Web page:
Creator Central
The credits listed above are specifically to the Opening Volley oneshot, and are taken from UncannyXMen.net's write-up of the issue (the actual issue just lists a writer/artist credit).

A Work in Progress
In the Ashcan issue, Emma is said to be from Boston, which I think is the first time that is established.

Banshee describes Chamber as a born leader, but we won’t really see that play out in the series (presumably, Lobdell was thinking of going for a natural leader/uncontrollable power Cyclops pastiche).

A power struggle between Synch & Chamber for leadership is teased, which, again, never really comes to fruition.

Penance is listed as Yugoslavian, though there’s no way Banshee could know that (and it won’t turn out to be true).

M’s bouts of silence/autism aren’t mentioned, instead described as child-like temper tantrums.

Apparently, there were plans at one point for Chamber to use a device created by Forge that would enable him to use his power to fly.

Per Opening Volley, Jubilee's favorite new teammate is Synch, and she is suspicious of Emma.


Banshee makes a note to talk to Nightcrawler about Chamber.


Scott Lobdell on Creating Generation X

"In the last few years, we've seen on comic book company after the next doing their versions of the X-Men...we didn't want to set out to do another version of the X-Men. If you at the characters [in Generation X], there's no team Wolverine or Nightcrawler. They look different. What [Chris Bachalo and I] want to do is create the new team that would be ripped off for the next 10 years."

Martin, Anya. "Scott Lobdell and the Genesis of Generation X." Generation X Collector's Preview October 1994: p7.

Chris Bachalo on Creating the Generation X Characters

"Chamber was [Lobdell's]. He started telling me about Chamber and I thought he as completely crazy. Chamber is this guiy with a chest that explodes with energy and half his face is blown off. Once I started doing the cincept drawings, I began to think he was a really cool character. Scott also created Husk...I thought he was working for the wrong company. He should be over at Vertigo, land of the really strange characters. I came up with M. And Skin was my idea."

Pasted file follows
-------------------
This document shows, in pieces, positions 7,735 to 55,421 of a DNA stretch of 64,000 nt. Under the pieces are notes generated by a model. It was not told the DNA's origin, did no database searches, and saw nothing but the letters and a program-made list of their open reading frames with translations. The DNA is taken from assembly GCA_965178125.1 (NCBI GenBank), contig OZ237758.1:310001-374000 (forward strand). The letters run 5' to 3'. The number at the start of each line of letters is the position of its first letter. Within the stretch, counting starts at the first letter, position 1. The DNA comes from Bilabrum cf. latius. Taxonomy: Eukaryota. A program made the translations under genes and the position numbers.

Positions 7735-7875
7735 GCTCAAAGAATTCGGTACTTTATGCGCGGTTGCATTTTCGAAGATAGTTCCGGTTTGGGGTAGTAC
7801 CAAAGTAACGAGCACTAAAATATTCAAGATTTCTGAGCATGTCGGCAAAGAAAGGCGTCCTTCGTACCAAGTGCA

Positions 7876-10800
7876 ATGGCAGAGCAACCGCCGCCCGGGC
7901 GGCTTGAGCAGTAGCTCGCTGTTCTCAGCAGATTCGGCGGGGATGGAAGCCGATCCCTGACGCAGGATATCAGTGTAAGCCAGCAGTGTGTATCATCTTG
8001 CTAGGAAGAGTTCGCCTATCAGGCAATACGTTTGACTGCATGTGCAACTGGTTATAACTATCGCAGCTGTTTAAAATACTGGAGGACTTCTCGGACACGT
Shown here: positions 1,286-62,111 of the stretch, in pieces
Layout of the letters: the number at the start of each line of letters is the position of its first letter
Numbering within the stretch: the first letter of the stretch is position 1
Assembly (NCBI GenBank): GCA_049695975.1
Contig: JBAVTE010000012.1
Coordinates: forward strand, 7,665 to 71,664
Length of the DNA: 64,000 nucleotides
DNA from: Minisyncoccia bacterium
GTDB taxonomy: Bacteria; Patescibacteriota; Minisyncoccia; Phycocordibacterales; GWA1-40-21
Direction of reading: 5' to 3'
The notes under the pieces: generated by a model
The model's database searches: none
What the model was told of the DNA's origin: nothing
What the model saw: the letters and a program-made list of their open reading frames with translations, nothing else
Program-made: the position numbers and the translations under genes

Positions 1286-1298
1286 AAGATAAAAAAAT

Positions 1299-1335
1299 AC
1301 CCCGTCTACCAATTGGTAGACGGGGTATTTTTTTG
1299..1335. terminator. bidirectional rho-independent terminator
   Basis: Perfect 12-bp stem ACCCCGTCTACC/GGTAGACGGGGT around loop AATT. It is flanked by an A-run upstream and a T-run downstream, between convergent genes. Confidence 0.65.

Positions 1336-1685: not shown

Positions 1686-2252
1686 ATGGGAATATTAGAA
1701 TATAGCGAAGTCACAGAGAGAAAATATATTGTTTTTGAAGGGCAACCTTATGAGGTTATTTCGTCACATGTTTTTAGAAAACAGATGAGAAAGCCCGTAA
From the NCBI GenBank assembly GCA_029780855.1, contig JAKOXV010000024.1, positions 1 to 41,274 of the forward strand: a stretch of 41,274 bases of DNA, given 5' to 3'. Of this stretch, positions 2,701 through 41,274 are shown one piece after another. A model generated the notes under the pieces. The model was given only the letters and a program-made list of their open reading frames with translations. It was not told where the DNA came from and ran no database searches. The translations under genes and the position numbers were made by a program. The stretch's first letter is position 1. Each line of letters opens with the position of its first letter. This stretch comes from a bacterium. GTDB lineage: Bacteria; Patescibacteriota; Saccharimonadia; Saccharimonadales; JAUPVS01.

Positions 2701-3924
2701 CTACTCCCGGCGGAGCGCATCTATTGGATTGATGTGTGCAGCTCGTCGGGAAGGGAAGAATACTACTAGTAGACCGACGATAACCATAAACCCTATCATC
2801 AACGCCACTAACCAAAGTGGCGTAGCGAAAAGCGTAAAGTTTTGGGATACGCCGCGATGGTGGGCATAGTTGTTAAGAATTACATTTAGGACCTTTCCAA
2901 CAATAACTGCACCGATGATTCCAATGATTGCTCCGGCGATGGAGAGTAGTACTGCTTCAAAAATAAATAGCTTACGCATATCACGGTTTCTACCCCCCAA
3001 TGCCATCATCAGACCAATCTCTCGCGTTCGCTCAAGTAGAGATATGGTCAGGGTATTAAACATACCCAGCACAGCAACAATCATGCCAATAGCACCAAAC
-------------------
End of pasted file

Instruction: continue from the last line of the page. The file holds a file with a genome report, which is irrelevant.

DeFalco, Tom. Comic Creators on X-Men. London: Titan Books, 2006. p214.

Austin's Analysis
While there's not a lot of plot to these issues (one is essentially a sketchbook, another features the tried-and-true "letter to home" format to comment on its characters, and the third is Marvel trying to do it's own take on Wizard), it is worth pointing out just how much of a pre-release push Marvel gave Generation X. Despite the fact that, as the latest addition to its (still) best-selling X-line, Generation X was almost guaranteed to be a sales-success, Marvel gave it a huge promotional push, laying the groundwork for the series in assorted books months before its release, then turning the annual X-crossover into, essentially, a commercial for the series, while also releasing these three issues.

Certainly, I doubt any of the diehard X-fans at the time complained about the attention and extra material (I certainly didn't), but given that we're just a few years removed from Marvel's controversial (and ultimately failed) decision to farm out the core of its Marvel Universe titles to expats Jim Lee & Rob Liefeld in an attempt to goose sales and reinvigorate what were relatively poor-performing titles via "Heroes Reborn", one has to wonder if perhaps the marketing resources (and dollars) put into ensuring that the latest X-book would be even more of a smash hit than it was already guaranteed to be couldn't have been used to generate buzz and shore up some of those lagging but venerable series that didn't feature Spider-Man or the X-Men. If they had, maybe "Heroes Reborn" wouldn't have been necessary.